Editor’s Column: No Apology Necessary



Hannah Guy

There seems to be a very specific sentiment emanating from those in my acquaintance who recently graduated college, from both Colgate and the various institutions my home friends attended. Of course there is the excitement of new apartments and jobs, expectations of grad school and the stress of figuring out how to buy groceries now that a few hundred dollars a month doesn’t just show up in the bank account courtesy of mom and dad. But above all of those feelings is something very nostalgic and a need to remind those still living the college dream just how lucky they are. This feeling seems to be best summed up by the suddenly ubiquitous clip from Billy Madison. You know the one I’m talking about: Billy goes back to visit his friends in elementary school and forcefully warns them to “Stay here as long as you can. Cherish it.” Only now instead of the difference between elementary and high school, we’re talking about the vastly more terrifying difference between our cozy bubble of Colgate and the real world. And while I would love to stay here as long as I can, I don’t think my parents would appreciate that. So I’ve decided to truly take advantage of all that I can while I’m still here. I’m overcome with the need to set goals for myself and to feverishly dispense advice to this year’s freshman class.

Many of my friends and I have already established goals for the year. They range from remembering to accentuate our lips (now that we’ve conquered the smoky eye) to mingling more on nights out on the town. But what they really come down to is leaving Colgate with no regrets. And while I’m not sure that’s entirely possible due to my charming habit of saying and doing things I normally wouldn’t on certain nights of the week (but what happens at the Jug, stays at the Jug, right?), what I really don’t want to do is look back on my time here and wish I’d done things differently. Though the goals like attending more brown bags and getting into a more regular sleeping pattern are certainly noble, there’s one that stands out from the rest and it doesn’t have much to the do with the academic side of college life.

And one of the things I most worry that I’ll regret is that I wasn’t truly myself during my time here. I think we all have a tendency to turn away from our natural self and try to act as “normal” as possible when we’re around people we don’t know. I certainly did that at the beginning of freshman year (though my fellow residents of Curtis fourth floor can attest to the fact that my normalcy didn’t last long). And though I feel that I’m pretty much the real me all the time now, I know that I tend to clam up around those I don’t know or who intimidate me. Now that I’m a big scary upperclassman myself, I’m ready to get over that.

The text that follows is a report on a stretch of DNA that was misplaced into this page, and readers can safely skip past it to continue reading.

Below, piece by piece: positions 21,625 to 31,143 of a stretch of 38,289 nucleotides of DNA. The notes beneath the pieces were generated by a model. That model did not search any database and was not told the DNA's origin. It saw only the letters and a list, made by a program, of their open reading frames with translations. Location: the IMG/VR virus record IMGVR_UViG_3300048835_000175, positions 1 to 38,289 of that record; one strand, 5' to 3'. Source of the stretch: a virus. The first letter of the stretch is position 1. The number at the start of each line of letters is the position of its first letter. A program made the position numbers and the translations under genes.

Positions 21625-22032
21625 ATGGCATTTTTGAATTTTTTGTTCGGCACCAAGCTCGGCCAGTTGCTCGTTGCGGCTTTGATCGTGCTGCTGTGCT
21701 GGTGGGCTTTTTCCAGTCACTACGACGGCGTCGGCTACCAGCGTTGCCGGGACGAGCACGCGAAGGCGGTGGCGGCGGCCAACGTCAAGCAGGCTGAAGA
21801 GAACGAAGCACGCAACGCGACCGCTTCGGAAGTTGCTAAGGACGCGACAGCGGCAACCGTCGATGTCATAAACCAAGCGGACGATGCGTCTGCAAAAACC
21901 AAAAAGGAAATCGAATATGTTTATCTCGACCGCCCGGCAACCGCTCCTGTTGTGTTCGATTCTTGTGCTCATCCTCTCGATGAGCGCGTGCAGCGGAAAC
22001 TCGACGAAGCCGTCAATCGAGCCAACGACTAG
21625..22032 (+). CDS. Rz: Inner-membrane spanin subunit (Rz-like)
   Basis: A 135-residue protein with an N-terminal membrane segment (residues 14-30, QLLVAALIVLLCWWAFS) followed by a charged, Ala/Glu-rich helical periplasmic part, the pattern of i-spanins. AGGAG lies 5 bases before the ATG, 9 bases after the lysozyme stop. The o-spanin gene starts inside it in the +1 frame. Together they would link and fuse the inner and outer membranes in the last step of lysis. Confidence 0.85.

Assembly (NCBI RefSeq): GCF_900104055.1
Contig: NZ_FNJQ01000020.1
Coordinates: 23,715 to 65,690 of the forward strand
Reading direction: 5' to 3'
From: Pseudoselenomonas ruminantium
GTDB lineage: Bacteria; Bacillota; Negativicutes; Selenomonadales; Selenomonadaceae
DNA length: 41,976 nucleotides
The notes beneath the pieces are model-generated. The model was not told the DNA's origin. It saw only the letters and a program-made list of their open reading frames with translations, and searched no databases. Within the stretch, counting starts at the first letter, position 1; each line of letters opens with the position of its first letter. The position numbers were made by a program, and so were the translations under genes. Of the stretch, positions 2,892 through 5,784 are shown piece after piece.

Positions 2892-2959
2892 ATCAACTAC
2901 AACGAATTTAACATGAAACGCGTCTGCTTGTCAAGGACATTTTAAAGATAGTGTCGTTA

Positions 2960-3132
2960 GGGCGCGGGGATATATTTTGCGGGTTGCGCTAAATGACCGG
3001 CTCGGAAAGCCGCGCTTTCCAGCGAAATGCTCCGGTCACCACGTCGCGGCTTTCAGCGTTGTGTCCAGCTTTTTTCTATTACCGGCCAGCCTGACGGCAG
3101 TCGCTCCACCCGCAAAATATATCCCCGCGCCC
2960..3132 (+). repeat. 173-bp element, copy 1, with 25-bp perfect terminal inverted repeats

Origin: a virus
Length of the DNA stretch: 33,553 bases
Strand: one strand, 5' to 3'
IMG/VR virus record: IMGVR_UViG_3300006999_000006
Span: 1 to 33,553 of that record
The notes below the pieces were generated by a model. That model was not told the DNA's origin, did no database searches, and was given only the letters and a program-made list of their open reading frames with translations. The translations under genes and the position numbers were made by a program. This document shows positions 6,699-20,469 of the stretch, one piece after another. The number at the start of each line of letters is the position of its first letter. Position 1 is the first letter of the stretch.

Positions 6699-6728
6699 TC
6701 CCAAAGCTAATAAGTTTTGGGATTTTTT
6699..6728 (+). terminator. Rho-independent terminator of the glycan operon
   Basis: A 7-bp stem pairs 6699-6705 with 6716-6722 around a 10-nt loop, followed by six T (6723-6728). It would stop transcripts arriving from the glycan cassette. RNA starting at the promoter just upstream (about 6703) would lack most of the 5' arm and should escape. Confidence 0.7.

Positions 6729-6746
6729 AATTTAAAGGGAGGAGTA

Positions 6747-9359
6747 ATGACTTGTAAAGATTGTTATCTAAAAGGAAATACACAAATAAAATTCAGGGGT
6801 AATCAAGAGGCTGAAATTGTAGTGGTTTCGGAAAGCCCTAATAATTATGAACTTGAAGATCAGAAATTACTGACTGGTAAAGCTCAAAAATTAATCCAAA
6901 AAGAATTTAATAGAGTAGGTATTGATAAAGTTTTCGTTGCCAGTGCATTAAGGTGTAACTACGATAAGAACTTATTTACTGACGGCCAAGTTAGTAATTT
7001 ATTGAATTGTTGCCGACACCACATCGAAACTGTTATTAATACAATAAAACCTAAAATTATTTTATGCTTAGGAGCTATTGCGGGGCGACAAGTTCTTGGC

To aid in explanation I offer the following story. Though it may seem completely irrelevant, I promise it’s not. (The name of our protagonist has been removed to protect the innocent.) Everyone has fun little quirks that come out when their BAC climbs skyward. One of my friends has a tendency to apologize for things after a few solo cups of Franzia. During the numerous liver-testing exercises that took place during preseason, she apologized for such things as spilling cups of water, texting too frequently and, of course, for apologizing so much. It was during one of these apologetic spells that my own minorly-impaired mind released the phrase “Don’t apologize for who you are.” Since that night those words have been emblazoned on a large pink dot that sits just inside our apartment and I’ve decided to adopt it as my motto for the year.

Other than college, where else can I really embrace my insane characteristics? Especially at Colgate, where everyone is full of eclectic characteristics. Though we look like a bunch of well-groomed, annoyingly perfect pod people, the majority of us are not nearly as bland toast as we might seem. That boy in the back of your class who looks way too cool for school and always comes in listening to music? Hannah Montana is blasting out of those earbuds. The girls who seem inseparable just became besties when they realized they both had deodorant on their otherwise impeccable outfits. The thing is that we’re all characters in the best sense of the world and Colgate lets us bring out the quirky.

Passing the unfamiliar faces on campus, the 850 freshmen full of opportunity, I’m occasionally overcome with the need to grab their innocent little faces not unlike the way that Billy does and tell them what everyone told me. Enjoy it! Do everything you can, join clubs and meet people. But most of all do you. I’m not going to tell you not to worry about what other people think because you’re only human and you probably will. But remember that having people who like you for who you are is one billion and a half times better than being surrounded by people who have no idea that you have a penchant for belting showtunes in the shower or that you have a Disney Pandora station.

And I know I’m verging on corny, mom-type advice, but guess what: it’s real. And I’m not apologizing for that either.